When I was in my twenties, I lived next door to Hull’s legendary Adelphi. I could actually hear the bands soundchecking from my front room – if I liked what I heard, I’d go to the gig.
The Adelphi is – thankfully – still in existence. But so many of our smaller venues aren’t, crippled by factors like the tough economic climate and a Licencing Act that makes them much more vulnerable to noise and nuisance complaints. Their loss is criminal.
Having places like the Adelphi in our communities is vital. From the pubs where teenagers play their first songs and local folkies jam, to the clubs that give touring bands a place to build a fan base, they’re so important, both culturally and socially.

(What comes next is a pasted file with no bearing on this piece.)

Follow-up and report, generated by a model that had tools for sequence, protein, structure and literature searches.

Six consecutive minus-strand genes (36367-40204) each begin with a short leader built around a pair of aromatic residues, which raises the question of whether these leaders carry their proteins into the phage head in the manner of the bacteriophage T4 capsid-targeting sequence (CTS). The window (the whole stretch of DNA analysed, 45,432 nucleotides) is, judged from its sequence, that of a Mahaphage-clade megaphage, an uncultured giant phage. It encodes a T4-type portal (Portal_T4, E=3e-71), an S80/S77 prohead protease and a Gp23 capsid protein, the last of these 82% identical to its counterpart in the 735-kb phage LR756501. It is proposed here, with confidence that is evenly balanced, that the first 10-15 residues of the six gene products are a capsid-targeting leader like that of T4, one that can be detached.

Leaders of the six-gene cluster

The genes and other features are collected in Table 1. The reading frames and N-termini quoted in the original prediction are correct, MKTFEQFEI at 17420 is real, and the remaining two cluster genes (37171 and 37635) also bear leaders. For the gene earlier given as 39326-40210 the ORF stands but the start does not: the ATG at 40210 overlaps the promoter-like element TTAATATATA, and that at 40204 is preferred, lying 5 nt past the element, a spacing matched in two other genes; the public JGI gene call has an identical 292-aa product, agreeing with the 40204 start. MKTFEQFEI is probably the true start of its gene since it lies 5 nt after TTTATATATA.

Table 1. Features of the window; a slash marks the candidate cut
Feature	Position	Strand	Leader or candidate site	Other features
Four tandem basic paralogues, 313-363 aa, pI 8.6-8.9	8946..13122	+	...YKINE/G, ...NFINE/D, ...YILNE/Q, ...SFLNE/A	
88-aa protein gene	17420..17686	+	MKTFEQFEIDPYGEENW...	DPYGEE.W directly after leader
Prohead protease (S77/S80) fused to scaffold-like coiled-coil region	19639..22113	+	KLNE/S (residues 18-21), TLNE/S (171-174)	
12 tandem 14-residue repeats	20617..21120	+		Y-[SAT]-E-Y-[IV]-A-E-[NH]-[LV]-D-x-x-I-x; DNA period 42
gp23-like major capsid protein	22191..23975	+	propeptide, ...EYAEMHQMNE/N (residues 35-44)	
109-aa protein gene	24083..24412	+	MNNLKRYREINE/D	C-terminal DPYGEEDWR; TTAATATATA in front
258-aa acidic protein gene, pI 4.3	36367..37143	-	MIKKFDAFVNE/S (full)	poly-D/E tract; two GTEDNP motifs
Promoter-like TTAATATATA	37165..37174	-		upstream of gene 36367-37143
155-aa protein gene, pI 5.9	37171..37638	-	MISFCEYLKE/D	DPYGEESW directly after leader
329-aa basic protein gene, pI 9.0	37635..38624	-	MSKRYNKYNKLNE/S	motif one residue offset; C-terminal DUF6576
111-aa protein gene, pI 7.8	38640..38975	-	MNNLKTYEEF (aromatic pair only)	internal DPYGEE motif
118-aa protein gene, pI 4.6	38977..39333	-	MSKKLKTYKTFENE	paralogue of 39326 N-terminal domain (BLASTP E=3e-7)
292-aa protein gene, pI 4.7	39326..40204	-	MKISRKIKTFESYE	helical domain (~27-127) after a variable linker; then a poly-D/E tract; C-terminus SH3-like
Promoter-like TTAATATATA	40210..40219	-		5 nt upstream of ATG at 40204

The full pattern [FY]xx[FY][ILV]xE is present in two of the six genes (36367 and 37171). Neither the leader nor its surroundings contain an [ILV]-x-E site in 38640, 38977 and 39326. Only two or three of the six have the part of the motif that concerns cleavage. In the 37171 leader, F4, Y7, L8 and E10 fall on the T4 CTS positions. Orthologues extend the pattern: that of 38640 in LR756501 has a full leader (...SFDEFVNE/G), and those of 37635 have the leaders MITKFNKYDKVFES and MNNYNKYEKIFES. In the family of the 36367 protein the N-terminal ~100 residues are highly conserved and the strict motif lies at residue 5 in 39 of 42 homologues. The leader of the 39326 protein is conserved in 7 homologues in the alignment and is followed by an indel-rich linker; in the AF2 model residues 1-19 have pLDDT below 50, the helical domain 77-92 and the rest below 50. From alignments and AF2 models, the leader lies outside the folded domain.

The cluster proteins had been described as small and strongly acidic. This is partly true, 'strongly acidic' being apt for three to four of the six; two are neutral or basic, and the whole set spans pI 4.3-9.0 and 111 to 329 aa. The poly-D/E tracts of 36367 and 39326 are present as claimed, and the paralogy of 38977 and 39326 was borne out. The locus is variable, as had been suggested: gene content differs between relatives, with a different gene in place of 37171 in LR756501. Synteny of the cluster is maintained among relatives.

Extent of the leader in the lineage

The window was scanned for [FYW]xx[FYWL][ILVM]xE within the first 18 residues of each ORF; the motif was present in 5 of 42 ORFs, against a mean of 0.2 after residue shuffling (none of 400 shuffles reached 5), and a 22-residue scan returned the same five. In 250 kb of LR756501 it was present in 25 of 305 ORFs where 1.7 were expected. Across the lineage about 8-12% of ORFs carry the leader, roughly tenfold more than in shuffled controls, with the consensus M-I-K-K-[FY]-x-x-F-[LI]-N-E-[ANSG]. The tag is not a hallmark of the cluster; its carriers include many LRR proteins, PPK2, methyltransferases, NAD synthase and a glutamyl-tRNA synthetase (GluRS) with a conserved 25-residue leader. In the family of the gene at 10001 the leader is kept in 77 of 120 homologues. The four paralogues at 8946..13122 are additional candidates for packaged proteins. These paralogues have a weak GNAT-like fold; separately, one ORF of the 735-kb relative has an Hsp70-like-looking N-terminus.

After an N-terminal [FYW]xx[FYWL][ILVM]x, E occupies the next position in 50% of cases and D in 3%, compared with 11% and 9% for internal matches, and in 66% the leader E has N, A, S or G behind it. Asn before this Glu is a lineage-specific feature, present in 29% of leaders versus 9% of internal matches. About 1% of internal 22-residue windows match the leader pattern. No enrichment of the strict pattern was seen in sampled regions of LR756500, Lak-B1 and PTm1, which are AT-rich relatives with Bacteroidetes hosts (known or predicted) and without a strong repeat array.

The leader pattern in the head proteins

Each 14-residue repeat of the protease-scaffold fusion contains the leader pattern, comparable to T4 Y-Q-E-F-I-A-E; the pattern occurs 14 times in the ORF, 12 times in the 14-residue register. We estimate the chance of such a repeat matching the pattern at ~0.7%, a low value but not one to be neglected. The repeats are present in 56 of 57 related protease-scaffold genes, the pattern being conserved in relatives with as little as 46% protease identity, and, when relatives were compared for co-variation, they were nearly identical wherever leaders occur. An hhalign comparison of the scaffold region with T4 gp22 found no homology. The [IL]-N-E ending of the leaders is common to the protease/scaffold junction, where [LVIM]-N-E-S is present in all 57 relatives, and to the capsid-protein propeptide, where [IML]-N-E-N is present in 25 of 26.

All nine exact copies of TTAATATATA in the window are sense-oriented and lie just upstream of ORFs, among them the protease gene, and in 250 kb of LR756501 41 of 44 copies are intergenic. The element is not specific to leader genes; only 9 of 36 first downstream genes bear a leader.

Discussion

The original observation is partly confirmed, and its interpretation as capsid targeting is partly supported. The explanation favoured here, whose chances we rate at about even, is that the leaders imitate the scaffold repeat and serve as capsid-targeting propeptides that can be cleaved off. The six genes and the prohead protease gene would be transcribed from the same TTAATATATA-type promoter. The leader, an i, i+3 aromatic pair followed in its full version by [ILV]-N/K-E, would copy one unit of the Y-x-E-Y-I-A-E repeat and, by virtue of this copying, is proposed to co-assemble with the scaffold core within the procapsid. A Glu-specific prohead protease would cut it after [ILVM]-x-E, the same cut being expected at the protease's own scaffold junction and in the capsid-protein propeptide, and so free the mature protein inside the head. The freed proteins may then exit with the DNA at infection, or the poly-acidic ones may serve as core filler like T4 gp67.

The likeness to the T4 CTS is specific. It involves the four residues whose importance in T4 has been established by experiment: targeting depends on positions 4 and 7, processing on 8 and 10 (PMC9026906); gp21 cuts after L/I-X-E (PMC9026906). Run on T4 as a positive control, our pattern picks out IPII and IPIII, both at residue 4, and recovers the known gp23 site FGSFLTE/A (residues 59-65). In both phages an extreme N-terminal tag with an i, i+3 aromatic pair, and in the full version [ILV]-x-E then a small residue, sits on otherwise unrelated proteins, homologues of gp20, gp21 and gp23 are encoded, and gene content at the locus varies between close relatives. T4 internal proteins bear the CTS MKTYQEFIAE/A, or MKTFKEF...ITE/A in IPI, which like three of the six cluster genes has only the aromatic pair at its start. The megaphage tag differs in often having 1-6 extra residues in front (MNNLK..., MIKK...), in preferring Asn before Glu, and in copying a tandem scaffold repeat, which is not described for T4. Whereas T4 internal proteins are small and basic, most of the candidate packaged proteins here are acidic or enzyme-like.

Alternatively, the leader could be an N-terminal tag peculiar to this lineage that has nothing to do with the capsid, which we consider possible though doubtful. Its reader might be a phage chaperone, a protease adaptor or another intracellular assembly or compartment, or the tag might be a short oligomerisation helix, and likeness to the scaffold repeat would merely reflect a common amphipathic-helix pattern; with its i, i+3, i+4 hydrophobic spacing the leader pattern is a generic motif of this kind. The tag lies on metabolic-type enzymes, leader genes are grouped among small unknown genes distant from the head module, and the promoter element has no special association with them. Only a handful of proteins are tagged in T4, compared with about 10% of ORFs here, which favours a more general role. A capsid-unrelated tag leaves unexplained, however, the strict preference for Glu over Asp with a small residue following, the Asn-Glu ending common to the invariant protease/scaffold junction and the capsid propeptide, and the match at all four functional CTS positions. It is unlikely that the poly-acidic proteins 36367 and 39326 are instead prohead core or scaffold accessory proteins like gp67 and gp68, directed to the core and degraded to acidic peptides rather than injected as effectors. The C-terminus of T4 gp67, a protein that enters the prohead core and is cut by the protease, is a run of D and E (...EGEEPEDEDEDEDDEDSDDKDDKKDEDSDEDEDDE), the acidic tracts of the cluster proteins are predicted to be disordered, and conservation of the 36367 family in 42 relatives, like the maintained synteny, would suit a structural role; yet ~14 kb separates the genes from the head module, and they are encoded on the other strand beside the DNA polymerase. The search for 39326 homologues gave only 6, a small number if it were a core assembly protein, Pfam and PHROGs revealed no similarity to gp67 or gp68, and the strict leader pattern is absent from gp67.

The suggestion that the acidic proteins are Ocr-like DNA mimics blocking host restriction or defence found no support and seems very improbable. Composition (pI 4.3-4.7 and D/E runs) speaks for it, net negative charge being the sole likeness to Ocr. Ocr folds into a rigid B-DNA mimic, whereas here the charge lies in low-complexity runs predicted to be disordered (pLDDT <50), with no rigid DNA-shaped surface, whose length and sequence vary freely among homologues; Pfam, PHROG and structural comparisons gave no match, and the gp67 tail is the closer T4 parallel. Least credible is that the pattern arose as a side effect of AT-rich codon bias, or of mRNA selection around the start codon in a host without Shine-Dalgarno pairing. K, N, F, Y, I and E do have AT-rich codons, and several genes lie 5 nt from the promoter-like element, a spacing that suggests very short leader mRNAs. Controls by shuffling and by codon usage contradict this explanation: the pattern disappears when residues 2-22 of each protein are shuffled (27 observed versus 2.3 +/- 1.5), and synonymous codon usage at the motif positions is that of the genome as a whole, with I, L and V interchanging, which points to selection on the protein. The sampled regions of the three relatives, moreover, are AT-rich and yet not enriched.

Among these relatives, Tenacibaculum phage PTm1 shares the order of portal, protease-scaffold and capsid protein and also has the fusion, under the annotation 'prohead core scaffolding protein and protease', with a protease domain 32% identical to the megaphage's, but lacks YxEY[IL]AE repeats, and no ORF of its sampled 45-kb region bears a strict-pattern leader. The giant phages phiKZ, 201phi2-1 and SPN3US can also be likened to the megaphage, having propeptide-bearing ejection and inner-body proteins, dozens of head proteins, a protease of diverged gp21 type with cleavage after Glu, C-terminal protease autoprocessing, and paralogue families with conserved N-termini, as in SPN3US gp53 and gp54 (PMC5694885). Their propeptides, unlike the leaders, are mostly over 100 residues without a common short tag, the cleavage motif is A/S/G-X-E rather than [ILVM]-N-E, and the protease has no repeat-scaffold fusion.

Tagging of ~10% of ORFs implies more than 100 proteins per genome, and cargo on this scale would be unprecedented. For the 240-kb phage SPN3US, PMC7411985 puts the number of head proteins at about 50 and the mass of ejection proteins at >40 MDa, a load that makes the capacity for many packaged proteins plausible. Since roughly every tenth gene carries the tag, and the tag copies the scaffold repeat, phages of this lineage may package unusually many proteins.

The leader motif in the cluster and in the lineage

Our world-beating music industry – the industry that generates the one in seven albums I mentioned above, that contributes 4.1 billion pounds to the economy – would grind to a halt without the talent these venues develop. Performers, yes, but also fledgling PRs, management, sound engineers and producers.
Grassroots venues are where the music industry incubates its next generation. Our government should be protecting them. Instead, it’s presiding over their decline. The proposed increases in business rates – of up to 55% in some cases – could mean that many small venues, already operating on the slimmest of margins, would either have to close or make substantial increases to their ticket prices.
I’m going to do everything I can to make sure small venues don’t lose out in the Finance Bill proposed by Philip Hammond.
Deputy Leader of the Labour Party